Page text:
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R v Foreign Secretary, ex parte World Development Movement [1995] 1 WLR 386

Facts: Acting under powers conferred by the Overseas Development and Cooperation Act 1980, the Foreign Secretary sought to provide £195m in aid to the Malaysian Government to support the building of a hydroelectric dam. By any sensible economic assessment (including an official assessment carried out by an auditor), the dam was a “bad buy,” because electricity generation by the dam would be so expensive it would actually lead to increased energy costs for Malaysians.

The World Development Movement, who campaigns for more and better aid (i.e. they are an interest group), sought to challenge the decision to award aid to the dam-building project on the grounds that the money could be better spent elsewhere - and indeed, that the funding of the dam would actually cause Malaysians harm.

Held: It was held that the legal and factual context of the challenge was necessary in determining standing i.e. whether or not World Development Movement could judicially review the decision

  • In this case, then, World Development Movement had sufficient interest in the matter having regard to their work; the absence of an alternative challenger and the significance of the issue; and the prominence of WDM in the field of foreign aid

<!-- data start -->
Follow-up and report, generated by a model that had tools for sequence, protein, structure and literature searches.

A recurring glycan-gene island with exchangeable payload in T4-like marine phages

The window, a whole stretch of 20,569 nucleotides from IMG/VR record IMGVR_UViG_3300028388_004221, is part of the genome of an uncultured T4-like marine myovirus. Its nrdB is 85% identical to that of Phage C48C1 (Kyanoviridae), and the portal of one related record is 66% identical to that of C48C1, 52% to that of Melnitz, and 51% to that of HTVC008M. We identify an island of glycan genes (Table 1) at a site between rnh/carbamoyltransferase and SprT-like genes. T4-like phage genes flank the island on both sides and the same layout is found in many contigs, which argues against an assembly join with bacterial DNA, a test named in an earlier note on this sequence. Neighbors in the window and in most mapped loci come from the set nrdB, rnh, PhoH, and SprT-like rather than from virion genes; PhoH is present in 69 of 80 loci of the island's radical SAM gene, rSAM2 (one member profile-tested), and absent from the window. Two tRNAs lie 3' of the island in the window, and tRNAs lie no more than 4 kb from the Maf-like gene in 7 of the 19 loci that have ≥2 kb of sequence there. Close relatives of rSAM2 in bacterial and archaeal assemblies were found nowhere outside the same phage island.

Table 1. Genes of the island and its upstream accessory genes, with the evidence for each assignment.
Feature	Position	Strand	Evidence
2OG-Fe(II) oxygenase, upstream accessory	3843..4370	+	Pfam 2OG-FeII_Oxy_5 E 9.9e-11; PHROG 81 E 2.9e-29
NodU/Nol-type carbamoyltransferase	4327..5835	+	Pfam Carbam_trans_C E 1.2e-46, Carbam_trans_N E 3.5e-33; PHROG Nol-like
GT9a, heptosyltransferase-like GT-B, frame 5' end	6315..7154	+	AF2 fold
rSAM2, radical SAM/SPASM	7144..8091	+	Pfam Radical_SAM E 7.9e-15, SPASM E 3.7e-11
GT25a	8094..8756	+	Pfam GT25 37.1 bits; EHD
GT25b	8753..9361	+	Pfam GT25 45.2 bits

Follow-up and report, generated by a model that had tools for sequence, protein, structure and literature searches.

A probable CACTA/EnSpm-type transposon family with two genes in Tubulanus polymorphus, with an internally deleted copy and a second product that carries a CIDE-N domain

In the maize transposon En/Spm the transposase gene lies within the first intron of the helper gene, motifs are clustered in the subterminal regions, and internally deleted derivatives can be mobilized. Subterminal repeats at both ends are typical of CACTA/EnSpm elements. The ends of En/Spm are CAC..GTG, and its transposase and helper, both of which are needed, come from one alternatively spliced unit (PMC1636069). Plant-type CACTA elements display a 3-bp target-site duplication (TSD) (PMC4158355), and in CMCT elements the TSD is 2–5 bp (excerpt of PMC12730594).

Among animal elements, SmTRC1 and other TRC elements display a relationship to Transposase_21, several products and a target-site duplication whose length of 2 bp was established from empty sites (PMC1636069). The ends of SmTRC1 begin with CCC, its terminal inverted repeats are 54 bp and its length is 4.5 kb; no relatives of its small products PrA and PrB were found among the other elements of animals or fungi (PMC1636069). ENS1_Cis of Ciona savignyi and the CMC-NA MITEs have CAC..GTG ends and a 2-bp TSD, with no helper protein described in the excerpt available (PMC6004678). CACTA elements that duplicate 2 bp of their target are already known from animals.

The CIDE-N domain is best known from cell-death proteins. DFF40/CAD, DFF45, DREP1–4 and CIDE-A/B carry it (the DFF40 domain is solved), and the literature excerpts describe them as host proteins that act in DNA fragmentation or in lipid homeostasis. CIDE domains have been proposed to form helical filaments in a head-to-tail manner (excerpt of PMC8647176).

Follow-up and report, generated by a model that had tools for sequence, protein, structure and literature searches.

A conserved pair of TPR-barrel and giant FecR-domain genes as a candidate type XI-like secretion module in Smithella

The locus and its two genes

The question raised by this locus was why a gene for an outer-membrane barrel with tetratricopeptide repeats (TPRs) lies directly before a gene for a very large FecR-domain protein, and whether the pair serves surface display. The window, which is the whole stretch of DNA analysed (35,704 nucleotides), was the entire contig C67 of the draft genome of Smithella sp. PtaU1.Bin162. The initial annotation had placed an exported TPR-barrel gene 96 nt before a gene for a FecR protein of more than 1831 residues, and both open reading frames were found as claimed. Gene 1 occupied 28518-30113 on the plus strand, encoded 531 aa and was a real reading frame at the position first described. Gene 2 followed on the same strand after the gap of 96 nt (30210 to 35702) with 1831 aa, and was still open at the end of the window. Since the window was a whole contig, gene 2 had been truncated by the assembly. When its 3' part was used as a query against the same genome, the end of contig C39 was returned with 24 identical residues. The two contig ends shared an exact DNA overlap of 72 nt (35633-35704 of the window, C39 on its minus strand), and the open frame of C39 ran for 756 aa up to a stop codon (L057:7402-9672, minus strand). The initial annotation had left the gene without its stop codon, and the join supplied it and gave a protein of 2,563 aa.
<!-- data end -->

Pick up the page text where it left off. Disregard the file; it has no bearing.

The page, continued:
The case advances a real possibility that pressure groups, NGOs, and lobbyists might has sufficient interest in a public decision and thus standing to bring a claim.

  • One does not have to be directly affected by a decision!

R v IRC, ex parte National Federation of Self-Employed and Small Businesses [1982] AC 617

Facts: Some ‘Fleet Street casuals’ (i.e. newspaper workers), of which there were 6,000 working on newspapers, regularly gave false names and addresses when taking payment for their casual work, such that they might evade tax.

The Inland Revenue sought to deduct tax at source, or otherwise secure taxes, by introducing new processes. Where Fleet Street cooperated, it would offer an amnesty in respect of historical tax claims.

  • In other words, the tax man said they would make no actions for previous non payment of taxes but said they should from now on

A federation representing small businesses (which had nothing to do with the Fleet Street Casuals) objected to the amnesty and sought judicial review.

Held: It was held, on appeal, that they did not have sufficient interest in the decision to grant an amnesty as they were no more than a interest group or body of taxpayers enquiring into the tax affairs of others.

  • So they did not have standing

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